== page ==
Graeme Wight, Jr.
Wight began competing in hillclimbs at an early age, but in September 1992, still only 21, he was badly injured in a road accident when the brakes failed on his Hillman Imp. It was feared that he might be paralysed, and he remained in hospital for more than two months, but by 1993 he was not only out of hospital, but competing in – and winning his class in – hillclimbs once again.
In 1995, Graeme married. Two years later, after a time in a Vision sports car, Wight won the Scottish Hillclimb Championship outright driving a Pilbeam. 1998 saw his first year of competition in the British Championship, at first in the two-litre class but then in the unlimited-capacity division. In 2000, now driving a Gould, he broke the hill record at Doune by 1.49 seconds, an astonishing margin in hillclimbing and indeed the biggest improvement in an outright record in BHCC history. After finishing fourth in the Championship that year, he finally reached the top in 2001 and 2002, winning the title in both years. Graeme became the first driver to complete the course at Shelsley Walsh in under 25 seconds when he recorded a time of 24.85 seconds on Sunday 2 June 2002, in the presence of Sir Stirling Moss. In that same year, he became the first reigning British Hill Climb Champion to be invited to drive at the Goodwood Festival of Speed.
He was runner-up to Adam Fleetwood in 2003, but after that things started to go wrong for Graeme. He was Fleetwood's main rival in the first part of the 2004 season, but delays in the appearance of his new car meant that he barely competed after mid-June and could manage only eighth place in the championship. Continued development problems in 2005 meant that he was never in the running in that season's championship and only rarely qualified for the run-offs. He was also absent from the 2006 championship, but still hopes to return to competition.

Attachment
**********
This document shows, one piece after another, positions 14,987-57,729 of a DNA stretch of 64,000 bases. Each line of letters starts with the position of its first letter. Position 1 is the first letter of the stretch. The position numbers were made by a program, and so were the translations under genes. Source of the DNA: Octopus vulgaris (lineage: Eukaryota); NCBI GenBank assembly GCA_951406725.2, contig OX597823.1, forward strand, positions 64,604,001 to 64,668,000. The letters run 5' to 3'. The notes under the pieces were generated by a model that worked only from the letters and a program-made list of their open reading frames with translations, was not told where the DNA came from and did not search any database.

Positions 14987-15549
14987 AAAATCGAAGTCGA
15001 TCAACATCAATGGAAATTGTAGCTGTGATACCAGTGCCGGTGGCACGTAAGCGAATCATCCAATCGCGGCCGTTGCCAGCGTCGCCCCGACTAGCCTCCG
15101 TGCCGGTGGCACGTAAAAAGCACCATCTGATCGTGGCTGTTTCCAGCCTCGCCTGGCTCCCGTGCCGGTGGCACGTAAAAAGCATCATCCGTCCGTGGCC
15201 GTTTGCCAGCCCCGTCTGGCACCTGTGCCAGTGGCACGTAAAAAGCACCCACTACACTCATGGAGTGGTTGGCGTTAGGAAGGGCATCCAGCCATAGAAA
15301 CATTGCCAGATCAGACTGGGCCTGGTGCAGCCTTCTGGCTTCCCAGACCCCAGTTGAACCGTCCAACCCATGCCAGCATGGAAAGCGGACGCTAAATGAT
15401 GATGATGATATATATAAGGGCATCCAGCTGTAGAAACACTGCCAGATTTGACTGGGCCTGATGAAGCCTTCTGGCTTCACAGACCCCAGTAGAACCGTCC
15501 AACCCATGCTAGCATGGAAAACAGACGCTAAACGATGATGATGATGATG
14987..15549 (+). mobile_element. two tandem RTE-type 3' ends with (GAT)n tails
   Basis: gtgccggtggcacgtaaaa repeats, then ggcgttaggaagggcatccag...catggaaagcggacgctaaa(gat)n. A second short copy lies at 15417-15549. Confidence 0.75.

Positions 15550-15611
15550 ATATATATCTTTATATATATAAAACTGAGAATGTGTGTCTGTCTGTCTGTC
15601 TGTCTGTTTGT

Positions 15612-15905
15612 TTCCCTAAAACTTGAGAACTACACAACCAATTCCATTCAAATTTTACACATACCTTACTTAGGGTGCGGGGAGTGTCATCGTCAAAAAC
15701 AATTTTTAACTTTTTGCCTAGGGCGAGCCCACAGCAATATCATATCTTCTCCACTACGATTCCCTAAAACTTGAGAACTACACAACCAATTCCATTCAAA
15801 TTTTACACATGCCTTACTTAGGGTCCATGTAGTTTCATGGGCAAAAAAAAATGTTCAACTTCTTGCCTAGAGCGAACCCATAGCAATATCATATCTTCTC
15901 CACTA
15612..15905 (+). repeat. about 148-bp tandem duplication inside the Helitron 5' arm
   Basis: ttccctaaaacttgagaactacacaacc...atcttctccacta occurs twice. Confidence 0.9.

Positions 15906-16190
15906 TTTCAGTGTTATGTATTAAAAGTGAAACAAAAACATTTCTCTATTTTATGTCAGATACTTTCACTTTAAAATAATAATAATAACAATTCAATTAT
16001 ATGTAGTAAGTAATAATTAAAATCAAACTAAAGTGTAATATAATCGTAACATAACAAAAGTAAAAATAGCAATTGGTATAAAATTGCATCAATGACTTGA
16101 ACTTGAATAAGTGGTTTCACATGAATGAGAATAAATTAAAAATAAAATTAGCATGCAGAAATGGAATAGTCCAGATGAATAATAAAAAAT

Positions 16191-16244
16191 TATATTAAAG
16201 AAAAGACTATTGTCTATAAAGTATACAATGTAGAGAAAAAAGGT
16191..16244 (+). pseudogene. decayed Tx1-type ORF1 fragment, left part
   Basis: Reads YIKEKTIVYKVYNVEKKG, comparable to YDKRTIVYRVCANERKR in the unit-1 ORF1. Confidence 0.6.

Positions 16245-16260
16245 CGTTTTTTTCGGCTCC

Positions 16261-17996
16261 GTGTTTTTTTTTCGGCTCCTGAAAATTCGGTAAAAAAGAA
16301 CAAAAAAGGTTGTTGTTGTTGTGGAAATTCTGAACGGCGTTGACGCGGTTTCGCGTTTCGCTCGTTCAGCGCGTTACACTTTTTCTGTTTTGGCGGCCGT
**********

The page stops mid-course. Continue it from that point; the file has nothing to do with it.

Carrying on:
This new car, christened the "GWR Predator" and of an entirely new bespoke design, is the product of a huge amount of effort. The concept of the car was to employ an ex-Arrows F1 Cosworth V10 as the powerplant, using the engine's inherent light-weight and power to allow even further increases of power-to-weight ratio. In October 2006, however, Wight announced that the V10 engine was to be sold as he had grown frustrated of being unable to compete due to continual engine problems. He decided instead to power the car with the ex-DTM 2.5 V6 Opel Cosworth, previously used in his Gould GR51, though in the event the V10 was used in 2007 after all.
The Predator represents a huge leap the level of technology employed at what is ostensibly an amateur sport, with its combination of its ultra light weight, innovation and all-round complexity. Wight had a frustrating 2007, but late in 2008 the Predator finally came on song, and at the final round of the season, at Doune, he won the first run-off and came second in the other. Wight was thrilled with his victory, saying that "the car has never been that good before" and that it had been "amazing" through the Esses.
His father, also Graeme Wight and sometimes known as Graeme Wight, Sr. to distinguish him from his son, also competed in hillclimbs, often sharing a car with his son.
For 2009, Wight has stated his intention to compete with an electrically powered machine, designed in partnership with ex-F1 designer Martin Ogilivie and Cambridge University. The car is part of the Bee 4 Motorsport project. 
- "Predator closes in for the kill", Autosport 2 October 2008, p97.
- Graeme Wight: Hillclimb Hero, CARkeys, 3 June 2003. Retrieved 14 September 2006.
|British Hill Climb Champion